Updated: Aug 21, 2020
Across religions, continents, and centuries, religious organizations have bullied and denied justice to victims of abuse, all in the name of protecting the church’s reputation, not harming ministry, and saving souls.
If you think this sounds overgeneralized, just consider recent examples such as with Willow Creek Church, the Southern Baptist Convention, the former president of the LDS Missionary Training Center, the Church of Scientology hiding and threatening those who reported rape and abuse, to Cedarville University who hired and promoted a former youth pastor known to have committed abuses. In each of these cases, information regarding abuse had been reported numerous times to those in leadership positions. In each case, the victims were silenced, and the abuse was covered up. The majority of abusers stayed in leadership positions, sometimes being shuffled to new locations.
If the god you believe in, or the belief system to which you adhere is true, why would feeble humans need to protect them?
Most Christians are familiar with the attributes of god as described in the Bible such as Omnipotent, Omniscient, Self-existent, Self-sufficient, Transcendent, Impartial, and TRUTH. Yet, we see Christian pastors and organizations constantly covering up abuse and using scripture to justify their actions. Ironically, non-Christian faiths such as Scientologists behave in the exact same manner. If your god or belief needs you to be deceitful and engage in criminal activity to preserve his existence or reputation, then you might want to reconsider worshiping that entity. And if you really believe those attributes of god, then why not live and make decisions in accordance with those beliefs, rather than fear the consequences?
It seems to me, that covering up abuse has absolutely nothing to do with faith and is just another case of religion being manipulated for individuals' gain.
I think the impetus to cover up abuse in religious institutions is all about two things:
1) Power: Individuals who reach leadership positions enjoy a wide array of privileges and control that many would never attain outside of their manipulation of faith…to convince those beneath them that they must obey to be in good standing with the religious institution or with god himself. To disagree with the leader publicly threatens their power base and the whole structure. Most of these structures in a country like the US are run by white men. If one man is perceived as vulnerable to lose his position or credibility due to abuse accusations, the other leaders will encircle him to deny abuse, silence victims, and maintain the structure from which they personally benefit.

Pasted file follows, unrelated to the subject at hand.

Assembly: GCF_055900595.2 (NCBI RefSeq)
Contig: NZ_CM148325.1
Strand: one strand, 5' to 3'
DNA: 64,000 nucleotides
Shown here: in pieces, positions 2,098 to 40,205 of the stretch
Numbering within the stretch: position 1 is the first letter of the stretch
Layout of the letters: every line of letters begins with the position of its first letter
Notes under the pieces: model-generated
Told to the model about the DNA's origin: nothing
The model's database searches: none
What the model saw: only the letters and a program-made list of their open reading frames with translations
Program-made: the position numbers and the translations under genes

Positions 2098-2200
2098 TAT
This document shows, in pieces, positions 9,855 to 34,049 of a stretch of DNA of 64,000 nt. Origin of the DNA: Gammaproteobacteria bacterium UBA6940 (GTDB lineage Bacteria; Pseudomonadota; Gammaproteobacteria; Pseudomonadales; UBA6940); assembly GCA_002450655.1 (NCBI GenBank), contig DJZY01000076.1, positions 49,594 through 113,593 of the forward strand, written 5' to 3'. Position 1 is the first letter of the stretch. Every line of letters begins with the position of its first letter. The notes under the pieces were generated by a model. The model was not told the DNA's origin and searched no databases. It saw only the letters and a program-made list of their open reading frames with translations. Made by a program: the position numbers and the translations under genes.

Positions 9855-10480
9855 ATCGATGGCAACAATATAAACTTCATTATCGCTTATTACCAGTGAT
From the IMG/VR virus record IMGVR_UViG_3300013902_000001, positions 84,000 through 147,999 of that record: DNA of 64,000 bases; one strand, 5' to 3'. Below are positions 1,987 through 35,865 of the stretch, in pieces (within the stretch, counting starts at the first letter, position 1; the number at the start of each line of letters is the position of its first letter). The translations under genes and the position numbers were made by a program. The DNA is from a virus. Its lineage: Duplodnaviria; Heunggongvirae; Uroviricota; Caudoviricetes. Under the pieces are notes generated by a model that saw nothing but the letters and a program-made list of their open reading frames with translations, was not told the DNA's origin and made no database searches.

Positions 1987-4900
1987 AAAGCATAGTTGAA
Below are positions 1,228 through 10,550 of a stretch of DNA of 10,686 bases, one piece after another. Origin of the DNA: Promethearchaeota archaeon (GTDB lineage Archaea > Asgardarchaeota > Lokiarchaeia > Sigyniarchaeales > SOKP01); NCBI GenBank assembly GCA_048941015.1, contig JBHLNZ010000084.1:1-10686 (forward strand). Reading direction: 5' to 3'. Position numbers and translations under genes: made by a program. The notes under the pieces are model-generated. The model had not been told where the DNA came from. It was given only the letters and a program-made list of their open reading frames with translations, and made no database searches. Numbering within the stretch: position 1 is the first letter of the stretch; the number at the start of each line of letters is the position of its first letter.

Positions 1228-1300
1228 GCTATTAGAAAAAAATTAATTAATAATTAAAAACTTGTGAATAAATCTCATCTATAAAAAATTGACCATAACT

2) Money: This is a no brainer. Look no farther than TV evangelists, leaders in Scientology or leaders of the LDS Church. Once people become accustomed to a lifestyle, they will do almost anything to keep it…even if that means lying and hiding crimes. Whether it’s a mission agency like New Tribes Mission, in which I was raised, who suffered a downturn in donations as reports of child abuse emerged and they continue to this day to minimize and hide information about it, to the LDS Church that does not allow an individual into temples where all major religious functions such as marriage and baptism occur, unless they have a temple recommend (a pass received from one’s Bishop affirming you are in good standing with the church and have paid your 10% tithe), to a regular church in the Southern Baptist Convention that doesn’t want to lose weekly donations…ALL are more concerned with the loss of money than with the well-being of the victims who have experienced abuse within the agency. It demonstrates that the agency/church believes its existence is more important than protection, justice, and healing of people. The irony of this is maddening, particularly amongst Christian institutions who supposedly exist to serve and bring individuals to salvation by being Christ’s hands and feet in the world.
Next time you hear of abuse allegations within a religious institution, I urge you to listen carefully to the public response. Often the responses are vague, convoluted, and excuse filled. If you see that, run the other way. Don’t support or donate to that group until they have disclosed the abuse and made reparations. If a religious institution doesn’t do these things, then they don’t live by their faith claims…and that should make anyone question the validity of those claims.